Arming Civilians: Good or Bad?

Arming Civilians: Good or Bad?

The Earp brothers with Doc Holliday, characterized by Hollywood actors Burt Lancaster, Kirk Douglas, DeForest Kelley and Martin Milner, in the Hal Wallis production of the film ‘Gunfight at O.K. Corral’ in 1957.

Power is always dangerous. It attracts the worst and corrupts the best. Power is only given to those who are prepared to lower themselves to pick it up.

— Ragnar Lothbrok in the Netflix television  series ‘Vikings’

SHADES of the Davao Death Squad! President Rodrigo Roa Duterte is suggesting to arm civilian volunteers, arguing that since these volunteers are considered as ‘force multipliers’, they would play an integral role in helping the Philippine National Police (PNP) “fulfill its mandate of maintaining peace and order and enforcing the law and, more importantly, restore and reinforce public trust in the national police force.”

The president must be thinking of how Davao City had become a peaceful and prosperous urban center in Mindanao with his so-called ‘ironfisted’ rule during his stint as mayor of ‘durian capital of the Philippines’ and so-called vigilantes roamed the city to go after the criminals and drug dealers that abound and had no fear of the law.

And the PNP has backed the chief executive’s suggestion to arm civilian organizations, which our national police claim as their “partners in fighting crime.”

No less than our good PNP chief, Lieutenant General Guillermo Lorenzo Tolentino Eleazar, has expressed agreement with Duterte, adding that the proposed measure was a means “to encourage volunteerism (but) definitely not vigilantism.”

That is if we believe that the president’s suggestion was made with the desire of ensuring protection for volunteers but with an assurance that those civilians who will be armed with weapons will undergo the rules and procedures for them to be given license to possess and carry firearms.

But human rights advocates are opposed to arming civilians because such a decision, they said, could exacerbate the human rights situation in the country, which has been described lately by international human rights groups as a ticking time-bomb that could explode any minute because of the unabated killings by the police and the military and justified as legitimate operations against illegal drugs and criminality.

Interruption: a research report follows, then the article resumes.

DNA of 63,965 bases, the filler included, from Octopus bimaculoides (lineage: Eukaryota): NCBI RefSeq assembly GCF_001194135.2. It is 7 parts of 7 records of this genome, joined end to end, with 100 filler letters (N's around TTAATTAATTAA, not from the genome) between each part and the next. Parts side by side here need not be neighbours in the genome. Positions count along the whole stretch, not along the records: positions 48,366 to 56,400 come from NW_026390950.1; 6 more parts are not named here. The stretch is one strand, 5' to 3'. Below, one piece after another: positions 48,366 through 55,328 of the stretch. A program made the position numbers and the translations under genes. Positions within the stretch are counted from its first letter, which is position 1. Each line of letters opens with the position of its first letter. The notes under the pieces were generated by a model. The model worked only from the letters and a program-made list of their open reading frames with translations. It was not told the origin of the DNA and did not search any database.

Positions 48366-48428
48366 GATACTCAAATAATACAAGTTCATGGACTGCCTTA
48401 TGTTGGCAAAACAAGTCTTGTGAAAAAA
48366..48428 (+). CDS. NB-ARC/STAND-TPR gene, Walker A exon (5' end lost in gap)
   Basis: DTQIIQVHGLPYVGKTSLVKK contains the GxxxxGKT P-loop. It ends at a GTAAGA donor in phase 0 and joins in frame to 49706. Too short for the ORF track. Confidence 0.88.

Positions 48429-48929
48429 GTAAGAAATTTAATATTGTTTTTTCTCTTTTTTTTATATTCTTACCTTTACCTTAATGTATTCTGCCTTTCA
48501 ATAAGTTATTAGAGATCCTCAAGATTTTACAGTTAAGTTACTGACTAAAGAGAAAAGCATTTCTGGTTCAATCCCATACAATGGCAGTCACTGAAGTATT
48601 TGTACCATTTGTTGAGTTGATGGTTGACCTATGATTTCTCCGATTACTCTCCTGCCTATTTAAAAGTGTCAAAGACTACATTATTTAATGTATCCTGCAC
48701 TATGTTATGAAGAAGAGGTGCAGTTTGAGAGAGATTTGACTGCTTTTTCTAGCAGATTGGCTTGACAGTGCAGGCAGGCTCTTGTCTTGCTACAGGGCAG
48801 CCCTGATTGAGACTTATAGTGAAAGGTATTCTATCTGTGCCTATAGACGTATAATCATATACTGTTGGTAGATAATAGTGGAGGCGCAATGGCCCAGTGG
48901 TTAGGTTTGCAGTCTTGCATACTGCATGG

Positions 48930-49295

And in a statement issued by Commission on Human Rights (CHR) spokesperson Jacqueline Ann De Guia, it was cited that the 1987 Constitution has stated that the government shall only maintain one police force, which is national in scope and civilian in character.

De Guia pointed out that “arming civilians without proper training, qualification and clear lines of accountabilities may lead to lawlessness and proliferation of arms, which may further negatively impact the human rights situation in the country.

And in this even justice secretary Menardo Guevarra is in agreement as he believes that the PNP is strong enough to perform its duties as enforcers of the law. Except for a few high-profile incidents of violence, criminality on the streets is at an all-time low, due in part to the health crisis the country is experiencing and the ongoing coronavirus pandemic that has forced most people inside their homes for fear of being infected with Covid-19 or simply following the strict quarantine protocols imposed by the authorities.

Vice president Maria Leonor ‘Leni’ Robredo is also against the arming of civilian volunteers, saying: “That’s too dangerous. It’s a big responsibility, a big accountability. Arming is not just something you do. The opportunity for abuse seems big.”

And there really is opportunity for abuse.

In the United States, we have heard and read or watched television news reports about mass shootings perpetrated by civilians—most of them suffering from depression and others even diagnosed as half-crazed individuals who simply felt the “thrill of the kill” while bearing arms deemed for protection but consequently used for aggression.

It is an accepted trend for most Americans to consult with an expert to treat their depressions (or mental disorders) and even with this there are many incidents of shootings without cause. But for us Filipinos, who rarely visit a doctor for a physical check-up and moreover for psychological diagnosis, we fear that there are ‘crazies’ out there who when armed could wreak havoc and create chaos and violence.

And what of the cases of extrajudicial killings that are said to be committed by our own police? Couldn’t armed volunteers become vigilante groups that would move around to liquidate their targets even without due process?

I recall how the Earp brothers Virgil, Morgan and Wyatt with Doc Holliday imposed a ‘no guns’ policy to control lawlessness and violence in Tombstone, Arizona. They were quite successful in stopping crime until, unfortunately, Cowboys Billy Claiborne, Ike and Billy Clanton and Tom and Frank McLaury stirred up trouble which ultimately ended with the ‘Gunfight at the O.K. Corral’. And still in the aftermath of the shootout, the Earps and Doc Holliday prevailed.

In ending, let me quote from the Bible in the Gospel of Matthew Chapter 26: “Then said Jesus unto him, Put up again thy sword into his place: for all they that take the sword shall perish with thy sword.”


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